> Experimentation is contrasted with another mode of learning that I term Analysis. Classical competitive strategy emphasizes learning through analysis (Porter, 1980) whereby, instead of generating real options, entrepreneurs generate option sets and arrive at a decision through optimization (see Delmar and Shane, 2003, for an example). In my study, analysis includes gathering market, product, and regulatory data or developing business plans. Gans et al. (2019) distinguish analysis from experimentation in two important ways. Analysis is “commitment-free” whereas in experiments some irreversible investment in the ideas being tested is inescapable. In turn, the commitment-free nature of analysis implies that it can only yield noisy information, whereas experiments produce high-fidelity signals. I add a third difference, which is that analysis, in and of itself, conforms to standard and routinized practices,⁶ whereas experiments are, by definition, innovative and require counterfactual thinking (Camuffo et al., 2020). This delineation between the two modes of learning described above is also present in the practitioner literature (Bhidé, 2000; Blank, 2013; Ries, 2011).
I've been in the software business for a long time. I've been in startups and big companies, and worked with angels and VCs. But I have no idea what any of this means!
What is the market for a paper like this? And why can't it be written in plain English?
(1) "classical competitive analysis" (Porter) would be basing business decisions on market trends.
(2) "experimentation" is what many of today's startups call "MVP minimum viable product" + "iteration", or "lean startup" popularized by Eric Ries.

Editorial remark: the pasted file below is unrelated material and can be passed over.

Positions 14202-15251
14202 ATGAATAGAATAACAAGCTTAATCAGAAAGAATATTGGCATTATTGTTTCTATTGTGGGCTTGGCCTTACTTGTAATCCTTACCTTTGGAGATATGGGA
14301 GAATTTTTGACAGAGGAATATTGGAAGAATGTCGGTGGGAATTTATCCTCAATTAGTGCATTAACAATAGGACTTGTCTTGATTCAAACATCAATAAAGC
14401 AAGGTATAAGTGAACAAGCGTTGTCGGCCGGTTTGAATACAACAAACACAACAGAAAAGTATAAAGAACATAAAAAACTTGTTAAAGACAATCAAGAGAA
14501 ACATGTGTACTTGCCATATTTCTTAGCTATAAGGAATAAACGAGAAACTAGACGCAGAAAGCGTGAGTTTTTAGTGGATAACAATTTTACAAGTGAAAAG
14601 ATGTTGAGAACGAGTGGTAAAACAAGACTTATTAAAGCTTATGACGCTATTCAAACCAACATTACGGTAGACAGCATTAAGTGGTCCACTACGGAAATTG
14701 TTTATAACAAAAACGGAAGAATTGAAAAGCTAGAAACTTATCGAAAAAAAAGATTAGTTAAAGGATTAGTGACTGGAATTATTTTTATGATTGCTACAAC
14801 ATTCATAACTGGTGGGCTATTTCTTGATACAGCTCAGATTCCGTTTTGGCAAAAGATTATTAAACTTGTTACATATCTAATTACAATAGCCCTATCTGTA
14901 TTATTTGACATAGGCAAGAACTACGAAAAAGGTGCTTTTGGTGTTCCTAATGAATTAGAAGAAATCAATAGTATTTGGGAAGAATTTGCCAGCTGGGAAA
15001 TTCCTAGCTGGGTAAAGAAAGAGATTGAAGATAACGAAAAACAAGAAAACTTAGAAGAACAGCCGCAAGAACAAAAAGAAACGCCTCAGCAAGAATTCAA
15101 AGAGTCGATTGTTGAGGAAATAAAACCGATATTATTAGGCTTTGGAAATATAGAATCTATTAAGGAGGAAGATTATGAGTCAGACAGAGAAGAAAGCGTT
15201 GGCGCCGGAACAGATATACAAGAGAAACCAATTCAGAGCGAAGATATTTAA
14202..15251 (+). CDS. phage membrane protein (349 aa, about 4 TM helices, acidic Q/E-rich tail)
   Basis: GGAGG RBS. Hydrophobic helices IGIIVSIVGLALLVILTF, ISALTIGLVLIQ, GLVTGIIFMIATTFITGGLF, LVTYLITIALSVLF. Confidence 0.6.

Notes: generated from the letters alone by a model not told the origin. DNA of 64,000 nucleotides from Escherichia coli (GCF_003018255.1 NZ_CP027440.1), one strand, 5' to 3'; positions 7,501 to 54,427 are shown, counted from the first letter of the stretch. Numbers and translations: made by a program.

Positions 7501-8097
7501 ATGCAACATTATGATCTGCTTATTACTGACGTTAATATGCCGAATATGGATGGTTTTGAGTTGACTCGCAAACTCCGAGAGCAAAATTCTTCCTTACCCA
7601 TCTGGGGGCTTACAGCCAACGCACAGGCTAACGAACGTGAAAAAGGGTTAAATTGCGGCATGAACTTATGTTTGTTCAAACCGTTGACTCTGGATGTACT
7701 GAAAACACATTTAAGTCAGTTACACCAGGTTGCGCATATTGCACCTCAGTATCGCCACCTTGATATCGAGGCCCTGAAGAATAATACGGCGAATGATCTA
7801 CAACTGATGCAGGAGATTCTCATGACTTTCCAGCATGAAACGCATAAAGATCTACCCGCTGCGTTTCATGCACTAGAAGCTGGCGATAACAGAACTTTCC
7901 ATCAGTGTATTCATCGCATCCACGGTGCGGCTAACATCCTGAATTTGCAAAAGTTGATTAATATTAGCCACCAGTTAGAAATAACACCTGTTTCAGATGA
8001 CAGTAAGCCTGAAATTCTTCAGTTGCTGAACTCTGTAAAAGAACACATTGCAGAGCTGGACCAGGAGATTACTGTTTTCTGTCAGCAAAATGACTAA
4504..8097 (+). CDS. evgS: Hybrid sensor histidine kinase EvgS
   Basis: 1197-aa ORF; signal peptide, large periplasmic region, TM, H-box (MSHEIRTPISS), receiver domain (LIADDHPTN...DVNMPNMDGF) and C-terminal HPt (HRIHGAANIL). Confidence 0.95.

The (2) experimentation is emphasized lately because cloud infrastructure like AWS makes software experiments very cheap and fast to test business ideas.
But (1) classical analysis is often the only choice especially for building physical products requiring upfront heavy capital investment. You can't "cheaply iterate" to build airplanes or launch a constellation of commercial communications satellites. You have to commit billions to build them first based on theoretical market projections and hope customers will buy it. E.g. both Airbus A380 and Boeing 787 were designed by working backwards from market data analysis. Neither had the money to iterate by having the factory build 10 different airplanes.
>What is the market for a paper like this? And why can't it be written in plain English?
Based on the author's bio, the primary "market" appears to be his PhD thesis advisors:
The secondary market might be HN readers who have no impact on his academic career.
But this is exactly what SpaceX is doing? Ditto with Starlink.
No, not the same.
For SpaceX, Elon spent almost all of of his $160 million PayPal wealth on 3 failed rockets before the 4th finally worked. And that 4th successful rocket test only demonstrated a proof-of-concept and didn't have a real payload from paying customers. That's an example of R&D in physical materials not iterating cheaply like the software world.